Electronic Theses and Dissertations



Document Type


Degree Name

Master of Arts


Art History

Committee Chair

William McKeown

Committee Member

Rebecca Howard

Committee Member

Earnestine Jenkins


The figure of the sex worker has been a recurring theme throughout modernist and contemporary art, signifying a variety of meanings that have been continually redefined by cultural conditions. This thesis analyzes how sex workers’ identities have been constructed through the visual arts, beginning at the advent of the modernist movement in the nineteenth century and concluding with twenty-first century contemporary art. The ways that the lived experiences of sex workers have manifested themselves in visual art grounds the discussion alongside analysis of the historical context for each artwork. While art prior to the advent of the women’s art movement tended to represent sex workers through the lenses of sexual objectification and the male gaze, art of the late twentieth century and of the contemporary era tends to subvert those misogynistic discourses, particularly through the genre of performance art. Sex workers themselves began creating art that expressed their lived experiences, and art has become an important tool for pro sex work activism, platformed by community projects that empower sex workers. Art remains an important tool for expressing sex worker’s experiences as a means to enact progressive social change.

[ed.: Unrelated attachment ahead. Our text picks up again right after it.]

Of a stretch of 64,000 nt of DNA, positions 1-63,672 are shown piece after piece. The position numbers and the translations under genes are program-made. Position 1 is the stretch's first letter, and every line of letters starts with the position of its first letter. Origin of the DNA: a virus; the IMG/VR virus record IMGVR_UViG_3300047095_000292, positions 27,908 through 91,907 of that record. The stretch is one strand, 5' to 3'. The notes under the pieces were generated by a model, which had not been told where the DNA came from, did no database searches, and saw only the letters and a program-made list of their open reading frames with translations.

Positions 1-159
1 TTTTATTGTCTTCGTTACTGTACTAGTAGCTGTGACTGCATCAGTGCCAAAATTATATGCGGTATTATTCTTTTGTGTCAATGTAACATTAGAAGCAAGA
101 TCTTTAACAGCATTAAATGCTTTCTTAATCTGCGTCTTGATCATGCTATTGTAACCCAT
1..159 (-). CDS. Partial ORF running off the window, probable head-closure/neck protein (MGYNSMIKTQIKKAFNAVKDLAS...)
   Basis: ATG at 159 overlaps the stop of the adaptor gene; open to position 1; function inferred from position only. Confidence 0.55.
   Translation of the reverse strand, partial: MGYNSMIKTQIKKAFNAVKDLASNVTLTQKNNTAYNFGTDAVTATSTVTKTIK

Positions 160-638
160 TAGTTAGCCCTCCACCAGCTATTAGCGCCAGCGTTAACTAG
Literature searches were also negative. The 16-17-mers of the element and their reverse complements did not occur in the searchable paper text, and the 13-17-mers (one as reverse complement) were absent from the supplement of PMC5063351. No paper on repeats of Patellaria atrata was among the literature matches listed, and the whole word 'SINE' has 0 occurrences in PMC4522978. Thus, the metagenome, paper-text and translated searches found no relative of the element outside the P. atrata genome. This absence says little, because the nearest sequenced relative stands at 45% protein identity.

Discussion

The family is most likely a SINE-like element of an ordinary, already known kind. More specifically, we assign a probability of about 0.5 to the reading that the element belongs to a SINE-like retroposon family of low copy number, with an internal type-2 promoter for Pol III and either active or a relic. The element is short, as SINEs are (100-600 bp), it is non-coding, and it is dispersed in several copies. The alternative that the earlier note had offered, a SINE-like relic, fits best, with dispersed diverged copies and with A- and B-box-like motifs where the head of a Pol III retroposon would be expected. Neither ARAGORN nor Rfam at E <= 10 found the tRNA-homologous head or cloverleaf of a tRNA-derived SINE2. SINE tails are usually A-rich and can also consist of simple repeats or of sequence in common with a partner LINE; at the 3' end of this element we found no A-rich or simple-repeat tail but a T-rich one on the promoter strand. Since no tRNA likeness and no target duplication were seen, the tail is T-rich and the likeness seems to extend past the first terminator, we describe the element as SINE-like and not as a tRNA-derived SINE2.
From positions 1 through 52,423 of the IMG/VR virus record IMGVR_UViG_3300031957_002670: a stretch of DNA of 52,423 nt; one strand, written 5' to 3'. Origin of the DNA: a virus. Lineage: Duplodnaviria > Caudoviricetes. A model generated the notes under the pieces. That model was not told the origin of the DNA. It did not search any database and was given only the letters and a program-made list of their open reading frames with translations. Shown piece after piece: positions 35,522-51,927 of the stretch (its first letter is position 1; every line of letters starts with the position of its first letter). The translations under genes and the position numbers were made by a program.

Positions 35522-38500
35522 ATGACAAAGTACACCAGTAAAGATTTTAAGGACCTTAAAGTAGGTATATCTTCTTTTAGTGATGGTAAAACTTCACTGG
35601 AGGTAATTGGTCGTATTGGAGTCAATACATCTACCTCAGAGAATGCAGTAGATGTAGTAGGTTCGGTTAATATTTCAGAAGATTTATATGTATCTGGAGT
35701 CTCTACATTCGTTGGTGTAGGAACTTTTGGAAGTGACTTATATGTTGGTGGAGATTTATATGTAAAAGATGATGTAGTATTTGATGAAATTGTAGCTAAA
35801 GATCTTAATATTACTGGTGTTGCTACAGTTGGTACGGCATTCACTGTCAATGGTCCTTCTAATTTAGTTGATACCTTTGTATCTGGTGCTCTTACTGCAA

Data is provided by the student.

Library Comment

Dissertation or thesis originally submitted to ProQuest.


Open Access